His girlfriend Sara knows that what happened to him 16 years ago still weighs on his mind and suggests that he get to the root of what happened so he can unblock himself and finally move forward in his life.

This is a simple story. I wont say that there is mysticism here when there isn’t, symbolism where there isn’t any and no deep meanings because I would be lying. At the heart of this book is a man who was deeply wounded by four friends and never knew why. Tsuruku is alone but not lonely he goes about his daily routine and while he wants someone in his life he isn’t capable of doing it. I can’t go too much into things as it would give a lot away and that wouldn’t be fair.

This is a different book for Murakami. There aren’t any fantasy elements, no falling down the rabbit hole here, just a simple story. It is very well written and lyrical as is usual for him. It’s like a grownup version of Norwegian Wood. It kept me reading, to find out why Tsuruku was so completely cut adrift by the friends he was so close too. There are a lot of loose ends, as typical for Murakami’s books, more loose ends than I care for but it is what it is. I did enjoy this book, I loved the simplicity of it, the journey of discovery and the fact that we don’t really know what we mean to others and how we impact on each other.

This is more like a journey than it is a pilgrimage. He finds the answers he was looking for and also finds that he was the most loved of the group. To them he was the most colourful of all.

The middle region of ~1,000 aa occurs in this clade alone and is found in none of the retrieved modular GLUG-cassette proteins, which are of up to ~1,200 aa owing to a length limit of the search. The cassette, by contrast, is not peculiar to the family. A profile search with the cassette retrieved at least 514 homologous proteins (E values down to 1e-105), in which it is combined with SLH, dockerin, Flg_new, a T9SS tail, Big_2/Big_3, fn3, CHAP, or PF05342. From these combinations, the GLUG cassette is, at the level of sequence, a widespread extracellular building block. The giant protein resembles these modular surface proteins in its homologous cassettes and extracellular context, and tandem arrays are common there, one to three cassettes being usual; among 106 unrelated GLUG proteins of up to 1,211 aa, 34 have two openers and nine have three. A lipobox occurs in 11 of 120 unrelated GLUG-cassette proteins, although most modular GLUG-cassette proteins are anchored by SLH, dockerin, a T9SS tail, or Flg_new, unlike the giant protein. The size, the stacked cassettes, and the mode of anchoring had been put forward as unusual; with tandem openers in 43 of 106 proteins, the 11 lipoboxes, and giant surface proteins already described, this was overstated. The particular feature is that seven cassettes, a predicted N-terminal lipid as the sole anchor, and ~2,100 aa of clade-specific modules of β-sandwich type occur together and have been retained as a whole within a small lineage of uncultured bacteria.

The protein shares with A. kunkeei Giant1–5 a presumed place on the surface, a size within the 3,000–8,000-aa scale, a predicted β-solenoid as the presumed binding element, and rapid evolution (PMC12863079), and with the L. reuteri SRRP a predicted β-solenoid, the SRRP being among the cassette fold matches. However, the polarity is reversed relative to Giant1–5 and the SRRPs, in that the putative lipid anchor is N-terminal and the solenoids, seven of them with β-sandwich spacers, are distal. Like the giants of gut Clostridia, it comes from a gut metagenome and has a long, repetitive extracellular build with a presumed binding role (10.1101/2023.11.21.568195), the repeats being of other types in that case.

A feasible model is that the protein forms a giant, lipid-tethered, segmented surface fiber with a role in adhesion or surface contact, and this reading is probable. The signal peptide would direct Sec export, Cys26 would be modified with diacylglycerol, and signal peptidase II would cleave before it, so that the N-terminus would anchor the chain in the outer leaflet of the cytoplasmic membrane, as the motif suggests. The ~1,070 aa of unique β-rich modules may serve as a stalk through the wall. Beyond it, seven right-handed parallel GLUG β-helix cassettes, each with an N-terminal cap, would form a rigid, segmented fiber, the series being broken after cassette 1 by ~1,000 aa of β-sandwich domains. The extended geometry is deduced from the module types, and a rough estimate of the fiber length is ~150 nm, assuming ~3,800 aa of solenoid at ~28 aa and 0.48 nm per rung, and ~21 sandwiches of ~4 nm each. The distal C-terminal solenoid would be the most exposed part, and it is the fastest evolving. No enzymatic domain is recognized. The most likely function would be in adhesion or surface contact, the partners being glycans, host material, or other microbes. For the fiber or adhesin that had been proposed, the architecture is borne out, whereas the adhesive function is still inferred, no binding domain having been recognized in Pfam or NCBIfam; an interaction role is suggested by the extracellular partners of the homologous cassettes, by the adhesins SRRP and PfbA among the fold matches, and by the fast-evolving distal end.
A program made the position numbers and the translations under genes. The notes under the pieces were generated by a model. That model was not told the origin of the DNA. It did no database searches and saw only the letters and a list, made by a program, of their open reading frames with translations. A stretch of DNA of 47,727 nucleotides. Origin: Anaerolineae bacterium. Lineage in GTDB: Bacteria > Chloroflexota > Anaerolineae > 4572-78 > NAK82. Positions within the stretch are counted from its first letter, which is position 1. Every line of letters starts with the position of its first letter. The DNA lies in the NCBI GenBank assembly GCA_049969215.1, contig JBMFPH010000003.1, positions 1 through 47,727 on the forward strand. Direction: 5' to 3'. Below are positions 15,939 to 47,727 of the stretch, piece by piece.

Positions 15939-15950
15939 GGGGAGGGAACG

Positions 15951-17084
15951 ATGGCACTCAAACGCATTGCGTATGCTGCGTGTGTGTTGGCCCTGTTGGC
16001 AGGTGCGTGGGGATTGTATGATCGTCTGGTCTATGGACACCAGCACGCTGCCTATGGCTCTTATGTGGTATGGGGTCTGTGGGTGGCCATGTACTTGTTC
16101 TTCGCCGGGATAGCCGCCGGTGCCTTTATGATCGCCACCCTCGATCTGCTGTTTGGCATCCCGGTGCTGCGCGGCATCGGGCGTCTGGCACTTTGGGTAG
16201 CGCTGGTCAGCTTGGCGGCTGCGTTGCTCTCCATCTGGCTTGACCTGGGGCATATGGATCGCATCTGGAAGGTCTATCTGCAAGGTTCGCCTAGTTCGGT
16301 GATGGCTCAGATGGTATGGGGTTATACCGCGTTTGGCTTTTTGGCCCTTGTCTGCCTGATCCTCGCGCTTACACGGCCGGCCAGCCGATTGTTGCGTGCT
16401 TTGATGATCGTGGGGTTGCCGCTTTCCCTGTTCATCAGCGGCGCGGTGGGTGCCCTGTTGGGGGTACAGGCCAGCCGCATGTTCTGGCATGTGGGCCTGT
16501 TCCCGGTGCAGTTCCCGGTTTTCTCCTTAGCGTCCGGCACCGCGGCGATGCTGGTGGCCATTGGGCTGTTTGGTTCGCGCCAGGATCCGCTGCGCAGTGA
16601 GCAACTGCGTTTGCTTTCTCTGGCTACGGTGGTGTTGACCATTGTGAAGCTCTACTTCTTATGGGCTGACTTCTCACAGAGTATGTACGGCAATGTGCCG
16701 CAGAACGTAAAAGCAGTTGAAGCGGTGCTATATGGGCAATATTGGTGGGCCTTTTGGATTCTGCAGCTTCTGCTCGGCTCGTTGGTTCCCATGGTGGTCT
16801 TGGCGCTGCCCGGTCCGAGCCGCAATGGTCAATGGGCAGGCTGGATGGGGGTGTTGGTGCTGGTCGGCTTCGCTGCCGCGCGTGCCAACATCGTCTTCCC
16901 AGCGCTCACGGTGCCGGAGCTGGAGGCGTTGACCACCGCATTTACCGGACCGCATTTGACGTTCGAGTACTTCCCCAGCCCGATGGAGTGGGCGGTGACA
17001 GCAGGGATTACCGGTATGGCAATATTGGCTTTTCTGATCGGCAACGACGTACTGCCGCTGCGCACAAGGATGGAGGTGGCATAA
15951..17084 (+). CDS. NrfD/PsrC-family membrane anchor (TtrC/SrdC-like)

4/5 stars



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Book Review: One Plus One by Jojo Moyes

18693716 Jess is essentially a single mother of her daughter Tanzie, 8, and stepson Nicky, a teenager, and the whole family is extremely own on their luck. Jess can barely make ends meet working two jobs, Nicky is plagued by constant bullies and Tanzie is a genius at Math but is different and picked on as well. The quirky family is just trying to get by when Jess tries to take advantage of a huge opportunity for Tanzie that could open up doors for her future.

Ed Nichols is the complete opposite and has a huge fortune from his software company. However, he made a large mistake and may be in trouble for inside trading. He can’t go into the office, see his work friends and he is too embarrassed to see his family.